"We reached a compromise and remain united on an issue that has been difficult to negotiate," Marin said.
The ban applies to all Russian crude oil and other refined oil transported by sea, but will not affect imports of pipeline oil, at least for the time being, as a result of Hungarian opposition.
However, Marin pointed out that up to 90 percent of Russian oil could be banned from entering the EU by the end of this year, when Germany and Poland plan to stop importing.
"It is a major step forward in terms of sanctions," he added.
Hungary needs more time
Hungary, which is dependent on Russian pipeline oil, was concerned with the Hungarian prime minister about the impact of sanctions on the country’s security of supply. Viktor Orbán demand that the import of pipeline oil be allowed, even if other sanctions are imposed.
After the meeting, EU leaders were furious about the length of the transition periods promised to Hungary and other countries, such as Slovakia and the Czech Republic, but the President of the European Commission Ursula von der Leyen said it was important for EU member states to have time to break out of Russian oil.
However, he pointed out that the exemption is not a permanent solution.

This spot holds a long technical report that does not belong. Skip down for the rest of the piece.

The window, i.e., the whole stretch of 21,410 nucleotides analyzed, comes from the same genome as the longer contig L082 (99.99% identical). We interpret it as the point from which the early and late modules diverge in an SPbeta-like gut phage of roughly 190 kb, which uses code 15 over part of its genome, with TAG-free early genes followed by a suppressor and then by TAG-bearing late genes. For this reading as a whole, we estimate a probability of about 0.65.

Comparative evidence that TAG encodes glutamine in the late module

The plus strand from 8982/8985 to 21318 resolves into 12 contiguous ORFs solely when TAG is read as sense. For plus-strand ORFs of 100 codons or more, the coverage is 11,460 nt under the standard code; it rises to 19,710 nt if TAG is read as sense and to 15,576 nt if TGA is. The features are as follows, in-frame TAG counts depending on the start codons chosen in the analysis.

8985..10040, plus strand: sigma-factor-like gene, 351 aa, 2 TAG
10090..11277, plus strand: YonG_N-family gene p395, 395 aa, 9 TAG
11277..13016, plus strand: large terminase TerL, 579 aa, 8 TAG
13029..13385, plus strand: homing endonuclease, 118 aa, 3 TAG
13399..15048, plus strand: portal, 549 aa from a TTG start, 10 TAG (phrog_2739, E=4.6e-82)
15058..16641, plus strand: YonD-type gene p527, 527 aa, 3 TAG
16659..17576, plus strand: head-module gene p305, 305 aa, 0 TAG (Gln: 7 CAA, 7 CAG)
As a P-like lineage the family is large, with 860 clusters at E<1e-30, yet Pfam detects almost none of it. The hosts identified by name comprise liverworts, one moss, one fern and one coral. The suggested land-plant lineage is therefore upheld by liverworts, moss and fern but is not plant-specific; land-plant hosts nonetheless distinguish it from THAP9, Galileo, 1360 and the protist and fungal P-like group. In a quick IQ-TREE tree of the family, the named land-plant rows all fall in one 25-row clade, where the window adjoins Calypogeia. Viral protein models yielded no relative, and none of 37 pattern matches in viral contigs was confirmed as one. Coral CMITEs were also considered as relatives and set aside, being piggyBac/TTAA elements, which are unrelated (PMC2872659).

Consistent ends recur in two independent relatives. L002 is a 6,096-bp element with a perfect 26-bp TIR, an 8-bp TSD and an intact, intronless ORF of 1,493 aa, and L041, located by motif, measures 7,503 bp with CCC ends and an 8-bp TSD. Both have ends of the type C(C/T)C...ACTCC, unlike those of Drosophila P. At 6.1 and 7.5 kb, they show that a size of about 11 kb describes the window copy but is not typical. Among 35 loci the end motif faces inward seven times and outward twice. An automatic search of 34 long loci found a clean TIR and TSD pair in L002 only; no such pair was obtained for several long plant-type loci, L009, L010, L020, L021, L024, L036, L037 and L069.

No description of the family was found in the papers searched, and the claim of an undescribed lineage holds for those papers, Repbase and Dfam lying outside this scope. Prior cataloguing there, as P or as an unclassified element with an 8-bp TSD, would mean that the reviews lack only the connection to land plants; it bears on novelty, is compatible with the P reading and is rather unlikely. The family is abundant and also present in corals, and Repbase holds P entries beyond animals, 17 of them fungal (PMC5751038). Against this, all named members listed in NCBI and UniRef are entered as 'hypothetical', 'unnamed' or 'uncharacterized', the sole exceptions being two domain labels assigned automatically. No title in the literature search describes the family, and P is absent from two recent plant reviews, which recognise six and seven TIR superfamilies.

"Let’s get back to it one way or another," Von der Leyen said.
The EU’s sixth sanctions package
The decision to partially ban oil imports is part of the EU’s sixth package of sanctions against Russia, and it took weeks of political controversy to reach an agreement.
In addition to oil, the sixth sanctions package also targets Russian banks, state-owned media companies and perpetrators of war crimes. Russia’s largest bank, Sberbank, will also be excluded from the SWIFT payment system.
The European Council, representing the EU Member States, has not yet taken a formal decision on the adoption of new sanctions, but a final decision could be taken as early as Wednesday.
"Some technical details are still being developed, but a huge agreement has now been reached, which means that the oil will be subject to an import ban." Marin told Yle.
EU leaders also backed a € 9 billion emergency aid package for Ukraine, which Marin said will consist mainly of grants.
The European Council is due to continue on Tuesday, with EU leaders expected to discuss the food crisis in Ukraine and the security situation in the EU.
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Source: The Nordic Page